By B. Moses
This article originally appeared in Yated Neeman, Monsey NY. and is reprinted here with their permission
Shortly after the Rebbe's passing, several of Kopyczynitzer chassidim were reminiscing and exchanging personal anecdotes about their beloved Rebbe Zt"l. Suddenly, one of the group declared, "I know you were all close to the Rebbe, but I was the closest of all. For whenever I was going through one of my more difficult periods, the Rebbe never waited for me to call him. The Rebbe would actually call me every day to find out how I was". Another chassid declared, "perhaps he called you as well, but it was me he called every day when I was down" A third and fourth follower echoed the remark, and soon every one of the group has blurted out what seemed to him the obvious "I was the one who was really closest to the Rebbe"
During a visit to Eretz Yisroel more than twenty years after the Rebbe's passing, one of his sons struck up a conversation with a lonely old man in a hotel lobby in Yerushalayim. When he discovered with whom he was speaking, the elderly men withdraw a worn leathered wallet from his pocket. He opened it and produced a tattered photo of the Rebbe. "Your father was my best friend," he declared with tears rolling down his cheeks. The Rebbe's son had never heard of this individual, but to him that was not surprising. For he had met hundreds of individuals of varied ages, backgrounds, and affiliations all claiming the Rebbe was "my best friend"
Indeed, they all were right. To holocaust survivors left alone in the world, he was their "family" and their close confidant. To countless teenagers he was a father and a mentor. To everyone who knew him he was their best friend. Like his father and grandfather before him, he combined the boundless ahavas yisroel of Apta, and the aristocratic royalty of Ruzhin. Many came to him for a brochas and advice; many more came for strength and encouragement, none left disappointed.
According to a family tradition, his father Reb Avraham Yehoshua Heschel of Kopyczynitz made the long arduous journey from Vienna, Austria to visit Eretz Yisroel in the late 1920's. On the 15th of Sivan he traveled to Me'aras Eliyahu, a cave high on Mount Carmel, where it is believed Eliyahu Hanavi had hidden. The Rebbe had one son and several daughters, and he davened for another son. One year later to the day his wife gave birth to a baby boy. The child was named after his maternal grandfather, Reb Moshe Mordechai Heschel of Perlzovizna- Warsaw.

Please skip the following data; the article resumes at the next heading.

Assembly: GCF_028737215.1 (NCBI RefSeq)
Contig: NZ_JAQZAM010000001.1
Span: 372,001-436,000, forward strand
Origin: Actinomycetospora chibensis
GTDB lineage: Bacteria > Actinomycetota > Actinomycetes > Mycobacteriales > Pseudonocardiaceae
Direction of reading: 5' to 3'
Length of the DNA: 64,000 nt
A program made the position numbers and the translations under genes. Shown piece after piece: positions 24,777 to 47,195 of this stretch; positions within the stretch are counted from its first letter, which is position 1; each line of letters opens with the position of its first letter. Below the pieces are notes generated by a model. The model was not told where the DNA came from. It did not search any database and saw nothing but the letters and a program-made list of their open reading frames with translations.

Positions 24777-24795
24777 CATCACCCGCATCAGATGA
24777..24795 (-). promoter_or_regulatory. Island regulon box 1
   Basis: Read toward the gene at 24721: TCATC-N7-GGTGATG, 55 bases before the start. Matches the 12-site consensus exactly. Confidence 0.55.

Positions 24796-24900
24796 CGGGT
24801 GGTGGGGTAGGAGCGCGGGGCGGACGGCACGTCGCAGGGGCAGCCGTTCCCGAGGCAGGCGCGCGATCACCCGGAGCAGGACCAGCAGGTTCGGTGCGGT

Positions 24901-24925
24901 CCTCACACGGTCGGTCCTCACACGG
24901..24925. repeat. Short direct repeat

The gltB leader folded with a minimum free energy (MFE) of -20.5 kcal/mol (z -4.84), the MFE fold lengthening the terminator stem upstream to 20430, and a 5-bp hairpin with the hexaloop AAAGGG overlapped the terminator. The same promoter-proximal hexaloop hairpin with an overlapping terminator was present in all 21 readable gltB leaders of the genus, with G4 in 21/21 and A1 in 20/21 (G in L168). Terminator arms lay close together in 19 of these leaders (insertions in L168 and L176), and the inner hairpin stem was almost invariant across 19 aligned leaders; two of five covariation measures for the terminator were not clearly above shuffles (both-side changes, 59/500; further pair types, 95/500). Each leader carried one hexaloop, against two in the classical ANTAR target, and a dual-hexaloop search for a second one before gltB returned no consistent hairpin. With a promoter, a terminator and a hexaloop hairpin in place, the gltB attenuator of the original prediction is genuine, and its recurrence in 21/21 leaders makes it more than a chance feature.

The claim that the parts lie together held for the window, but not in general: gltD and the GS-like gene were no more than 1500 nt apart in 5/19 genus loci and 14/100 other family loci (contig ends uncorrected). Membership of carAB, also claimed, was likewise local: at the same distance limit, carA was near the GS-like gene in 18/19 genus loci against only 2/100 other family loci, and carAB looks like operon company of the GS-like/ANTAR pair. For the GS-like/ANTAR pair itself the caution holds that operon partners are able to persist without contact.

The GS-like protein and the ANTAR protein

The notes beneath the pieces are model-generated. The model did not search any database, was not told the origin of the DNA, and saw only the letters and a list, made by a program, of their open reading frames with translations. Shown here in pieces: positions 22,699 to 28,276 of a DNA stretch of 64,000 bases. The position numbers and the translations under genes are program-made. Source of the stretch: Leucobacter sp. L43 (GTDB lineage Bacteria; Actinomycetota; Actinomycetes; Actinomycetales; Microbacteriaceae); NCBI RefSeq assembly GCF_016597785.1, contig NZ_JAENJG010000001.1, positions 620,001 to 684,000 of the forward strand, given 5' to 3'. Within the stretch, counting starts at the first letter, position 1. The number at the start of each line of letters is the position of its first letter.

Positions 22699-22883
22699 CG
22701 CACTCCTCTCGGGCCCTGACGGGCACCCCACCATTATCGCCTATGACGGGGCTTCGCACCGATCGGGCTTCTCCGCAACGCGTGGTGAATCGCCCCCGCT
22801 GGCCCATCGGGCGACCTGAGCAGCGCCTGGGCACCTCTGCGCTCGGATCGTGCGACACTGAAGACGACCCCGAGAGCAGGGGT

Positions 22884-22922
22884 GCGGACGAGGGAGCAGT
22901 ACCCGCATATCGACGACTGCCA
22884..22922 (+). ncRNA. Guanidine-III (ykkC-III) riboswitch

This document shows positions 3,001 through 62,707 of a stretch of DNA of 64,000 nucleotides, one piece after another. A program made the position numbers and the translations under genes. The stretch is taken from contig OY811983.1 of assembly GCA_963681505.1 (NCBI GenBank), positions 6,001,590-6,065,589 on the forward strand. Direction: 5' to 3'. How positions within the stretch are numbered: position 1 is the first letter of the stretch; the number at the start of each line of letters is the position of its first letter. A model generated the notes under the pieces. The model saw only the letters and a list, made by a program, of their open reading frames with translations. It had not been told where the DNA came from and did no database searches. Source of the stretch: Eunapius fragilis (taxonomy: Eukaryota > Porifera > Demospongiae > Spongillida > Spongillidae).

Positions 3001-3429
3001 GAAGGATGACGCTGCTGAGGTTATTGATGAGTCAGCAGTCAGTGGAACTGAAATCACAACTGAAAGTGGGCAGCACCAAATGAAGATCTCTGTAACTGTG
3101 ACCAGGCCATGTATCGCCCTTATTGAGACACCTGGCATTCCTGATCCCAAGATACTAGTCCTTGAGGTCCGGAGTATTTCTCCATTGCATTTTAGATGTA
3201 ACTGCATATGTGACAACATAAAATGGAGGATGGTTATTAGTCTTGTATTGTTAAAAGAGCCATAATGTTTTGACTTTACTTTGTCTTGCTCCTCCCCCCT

While still a small child, he showed signs of greatness. At the tender age of five, when his father requested that his grandfather, Reb Yitzchok Meir of Kopyczynitz, give a brocha to one of the other children. Reb Yitzchok Meir responded "ask Moishele to give a brocha". He was a frail and sickly child, twice having contracted scarlet fever that severely weakened his heart. To the amazement of his family he would never complain, and was always a "mesamaiach bchelko". In 1935 Rav Yitzchok Meir passed away, and his son Rav Avraham Yehoshu succeeded him as Rebbe.
In 1939 after suffering Nazi persecution for more than a year, the Heschel family fled to the United States. The court of Kopyczynitz was reestablished on Henry Street in the Lower East Side of Manhattan, where it soon became a focus for many of their loyal Chassidim, as well as attracting numerous new followers. Reb Moshe Mordechai, was a devoted disciple of his father; he thrived in the atmosphere of kedushah and chessed and constantly emulated his father's ways. The Tolnoa Rebbe, Reb Yochanan Twersky Z"L once commented in awe "Reb Moshel'e level in Chessed was the same as his father's"
In his youth, Reb Moshe Mordechai studied in Mesifta Tifereth Yerusholayim, and learned under the Rosh Yeshiva, Rav Moshe Feinstein, ZT"L, who had an exceptionally close relationship with his father Reb Avaraham Yehoshua. Shortly before his wedding, Reb Moshe Mordechai received Semicha from the Reb Moshe.
In 1952 he became the director of the Release Hour Program for the Furtherance of Jewish Education, which provided one hour of Jewish studies for public school students. Rabbi Wolf Karfiol, in a moving tribute published after the Rebbe's passing recalled the Rebbe's approach "It was his nature to boost the morale of the leaders by regularly offering them sincere words of encouragement and praise. Then he would speak to the children. He always seemed to have a perfect understanding of how to secure a child's fancy and trust, and in this way he was able to instill in them a desire to continue in the program. When a child exhibited a desire to learn more about his religion, he was encouraged to enter first a Talmud Torah, and eventually a Yeshiva. It was at these times that the special qualities of patience and understanding really came to the forefront. Instead of criticizing, he offered assistance. He knew that many of the children and their families were beset by financial and religious problems, but through his constant probing and encouragement, most of these problems were solved, and many of these boys and girls consequently found their way back to Yiddishkeit through this program."